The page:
I read Joan Baumberger's post yesterday afternoon about Sheryl Sandberg's new book Lean In. She rails against it, comparing Sandberg to Yahoo! CEO Marissa Mayer and arguing that she neglects the needs/conditions of less privileged working women and mothers. I jumped right on the bandwagon, leaving a comment in which I complained "these two women make me a little ill." I did acknowledge that I hadn't yet read Sandberg's book, but still...
Later, I read Michelle Goldberg's, The Absurd Backlash Against Sheryl Sandberg's 'Lean In'" in the Daily Beast. Goldberg defends Sandberg as a feminist, albeit one who wants to work within the bounds corporate culture. Goldberg acknowledges elitism in Sandberg's argument, but adds, "so what? No book speaks to everyone, and leadership tomes by wildly successful male executives aren’t typically pilloried for ignoring the concerns of immigrant day laborers."
I'm left chastising myself for judging so quickly--and blindly. Perhaps I'll hate Lean In; I'm not much for corporate anything, but I should at least do Sandberg the service of reading it before I spout off about who makes me "ill" and who doesn't.
Which leads me to our capacity as mothers and feminists to second guess ourselves and consequently, to judge. Both Goldberg and Sandberg address this. Here is Goldberg:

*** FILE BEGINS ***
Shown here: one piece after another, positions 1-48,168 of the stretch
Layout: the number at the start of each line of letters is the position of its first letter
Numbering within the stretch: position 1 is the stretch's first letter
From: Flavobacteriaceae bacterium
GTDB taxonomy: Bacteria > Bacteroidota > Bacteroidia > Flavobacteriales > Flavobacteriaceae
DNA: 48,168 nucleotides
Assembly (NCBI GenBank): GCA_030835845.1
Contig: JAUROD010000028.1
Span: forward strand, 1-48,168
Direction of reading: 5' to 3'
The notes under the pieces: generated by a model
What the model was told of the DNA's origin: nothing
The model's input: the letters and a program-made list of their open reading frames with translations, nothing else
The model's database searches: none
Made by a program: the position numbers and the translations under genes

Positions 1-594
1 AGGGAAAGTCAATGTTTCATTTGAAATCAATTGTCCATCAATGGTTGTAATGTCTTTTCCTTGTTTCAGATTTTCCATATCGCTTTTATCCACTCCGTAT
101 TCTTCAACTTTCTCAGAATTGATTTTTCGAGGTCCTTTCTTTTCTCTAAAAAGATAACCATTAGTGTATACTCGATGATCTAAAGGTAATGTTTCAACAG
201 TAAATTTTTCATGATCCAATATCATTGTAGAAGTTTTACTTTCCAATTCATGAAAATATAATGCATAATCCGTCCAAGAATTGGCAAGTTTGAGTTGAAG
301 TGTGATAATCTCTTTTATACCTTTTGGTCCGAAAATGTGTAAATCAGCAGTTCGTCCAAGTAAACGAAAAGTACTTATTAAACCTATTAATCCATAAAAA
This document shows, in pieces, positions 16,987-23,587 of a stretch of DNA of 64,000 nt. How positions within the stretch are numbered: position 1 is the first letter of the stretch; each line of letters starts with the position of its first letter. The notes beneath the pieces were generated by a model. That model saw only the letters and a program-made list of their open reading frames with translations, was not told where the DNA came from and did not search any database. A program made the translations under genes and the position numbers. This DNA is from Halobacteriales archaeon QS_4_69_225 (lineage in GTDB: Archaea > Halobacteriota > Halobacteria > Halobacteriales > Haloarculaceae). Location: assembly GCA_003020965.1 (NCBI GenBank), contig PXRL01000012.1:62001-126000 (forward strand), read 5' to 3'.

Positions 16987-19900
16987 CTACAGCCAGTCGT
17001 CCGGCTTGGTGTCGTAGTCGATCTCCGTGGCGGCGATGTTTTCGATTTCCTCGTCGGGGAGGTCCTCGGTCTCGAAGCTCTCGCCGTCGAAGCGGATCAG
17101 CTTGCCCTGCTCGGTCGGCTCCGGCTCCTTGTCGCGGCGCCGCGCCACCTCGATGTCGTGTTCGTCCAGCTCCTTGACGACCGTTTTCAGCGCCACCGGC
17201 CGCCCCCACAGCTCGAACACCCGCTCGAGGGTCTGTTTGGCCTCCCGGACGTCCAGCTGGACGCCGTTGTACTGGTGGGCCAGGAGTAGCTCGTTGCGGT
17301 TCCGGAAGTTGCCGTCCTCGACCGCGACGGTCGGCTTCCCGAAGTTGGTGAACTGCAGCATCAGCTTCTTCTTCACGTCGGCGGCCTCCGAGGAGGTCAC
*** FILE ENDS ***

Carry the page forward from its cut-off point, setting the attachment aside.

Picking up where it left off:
"Women are conditioned to compare themselves with one another. When we’re not wholly at peace with our own choices—and who is?—those comparisons sting."
And Sandberg: "There is always an opportunity cost, and I don’t know any woman who feels comfortable with all her decisions." She continues, "As a result, we inadvertently hold that discomfort against those who remind us of the path not taken. Guilt and insecurity make us second-guess ourselves and, in turn, resent one another."
Yes. I know what they mean.
For my first eight years of motherhood I was an ambitious graduate student and teacher who spent long days on campus and parented on 4 hours of sleep and buckets of coffee a night. After earning my Ph.D., however, unfair university hiring practices combined with the extenuating needs of my kids to persuade me to leave my job as an adjunct professor and stay home and parent while tutoring dyslexic learners.
I made the best choices I could, but still, on a bad day, I can look back at 16 years of motherhood and beat myself up for neglecting my kids during the first eight years and neglecting my career during the second.
Our pursuit of that elusive balance can turn us inside out, and turn us against each other in the process.
Perhaps my knee-jerk reaction to Sandberg's brand of feminism, without even really knowing what it is, has more to do with a momentary regret that I'm not the one who is COO of Facebook writing my own version of a feminist manifesto for everyone to tear down.
None of that is to say I approve of Sandberg's book. I'm just thinking perhaps I should read it before I decide.